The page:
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Aiding Duarte

After months of uncertainty, the Democratic-controlled House of Representatives seems to have decided on its policy toward administration requests for aid to El Salvador. It is: to provide much of what is sought this year - but not all, in order to continue to have leverage over the Salvadorean government. Then to provide most of what is asked for next year.

This decision has much merit. In part it is based on growing confidence of American legislators in the new Salvadorean President, Jose Napoleon Duarte.

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But in part it is also based on old-fashioned politics, with lawmakers of both parties not wanting to take a stance that will be unpopular with the voters in their home districts. Many Democrats are particularly concerned that unless they now indicate substantial financial support for the Duarte regime in the next fiscal year, President Reagan may run against Congress in the November election on this issue, as on others, accusing it of softness on saving El Salvador from going communist.

Yet there are limits to this concern. The House is expected to reject the administration request for an additional $116 million in military aid, tentatively scheduled for a vote today. The House majority considers that the $ 126 million in military assistance and the $160 million in economic help already approved this year are sufficient to enable Mr. Duarte to hold back the communist-led insurgency and continue economic and military reforms.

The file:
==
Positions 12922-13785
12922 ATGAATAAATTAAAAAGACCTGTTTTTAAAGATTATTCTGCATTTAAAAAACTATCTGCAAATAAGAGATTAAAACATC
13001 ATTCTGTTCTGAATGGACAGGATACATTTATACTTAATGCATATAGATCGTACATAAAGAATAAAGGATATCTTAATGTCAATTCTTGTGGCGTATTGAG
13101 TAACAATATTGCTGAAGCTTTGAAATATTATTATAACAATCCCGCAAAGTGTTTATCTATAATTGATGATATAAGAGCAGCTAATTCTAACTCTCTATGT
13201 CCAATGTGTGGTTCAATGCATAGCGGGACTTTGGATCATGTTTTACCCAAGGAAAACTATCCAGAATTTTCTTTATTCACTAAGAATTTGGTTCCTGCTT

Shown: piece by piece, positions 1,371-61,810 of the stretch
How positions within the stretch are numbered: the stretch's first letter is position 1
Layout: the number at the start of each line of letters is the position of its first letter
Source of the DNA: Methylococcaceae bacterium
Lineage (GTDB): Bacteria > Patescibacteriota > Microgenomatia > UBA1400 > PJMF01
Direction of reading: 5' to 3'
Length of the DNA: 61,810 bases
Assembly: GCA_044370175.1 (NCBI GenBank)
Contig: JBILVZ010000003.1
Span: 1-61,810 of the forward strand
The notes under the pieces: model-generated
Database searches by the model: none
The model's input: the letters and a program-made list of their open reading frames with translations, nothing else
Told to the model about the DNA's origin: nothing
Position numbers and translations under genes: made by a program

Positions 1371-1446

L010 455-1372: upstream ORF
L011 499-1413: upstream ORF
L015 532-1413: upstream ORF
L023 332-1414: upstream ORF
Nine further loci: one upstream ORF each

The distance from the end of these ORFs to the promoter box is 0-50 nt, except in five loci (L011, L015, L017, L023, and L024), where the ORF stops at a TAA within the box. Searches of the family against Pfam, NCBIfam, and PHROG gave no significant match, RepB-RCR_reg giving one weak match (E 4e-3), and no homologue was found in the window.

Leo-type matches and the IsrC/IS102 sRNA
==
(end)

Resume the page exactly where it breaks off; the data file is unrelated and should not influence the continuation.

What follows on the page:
Providing the additional sum at this time, many in Congress believe, would only reduce American leverage - and thus Duarte's - with the rightist Salvadorean military. This view has much to recommend it.

Duarte himself is in the midst of a considerable honeymoon period with the US Congress, on which he has made an excellent impression during his two visits to Washington. He similarly impressed European leaders during a recent European trip. American legislators also believe he has made a good start in rebuilding his nation's economy, and that he is moving as quickly as feasible to root out corruption in the Salvadorean military and to begin to exert civilian control over it.

The situation is different at home. The Salvadorean government and military remain under considerable pressure from guerrillas, who this week launched a major attack against civil guards in rural western El Salvador, killing 66 people.

In his efforts to harness his military, the Salvadorean President is aided both by American pressure and by the spotlight that international media attention provides. Both help deter those rightist elements of the Salvadorean military that might have notions of trying to overthrow Duarte at this time.

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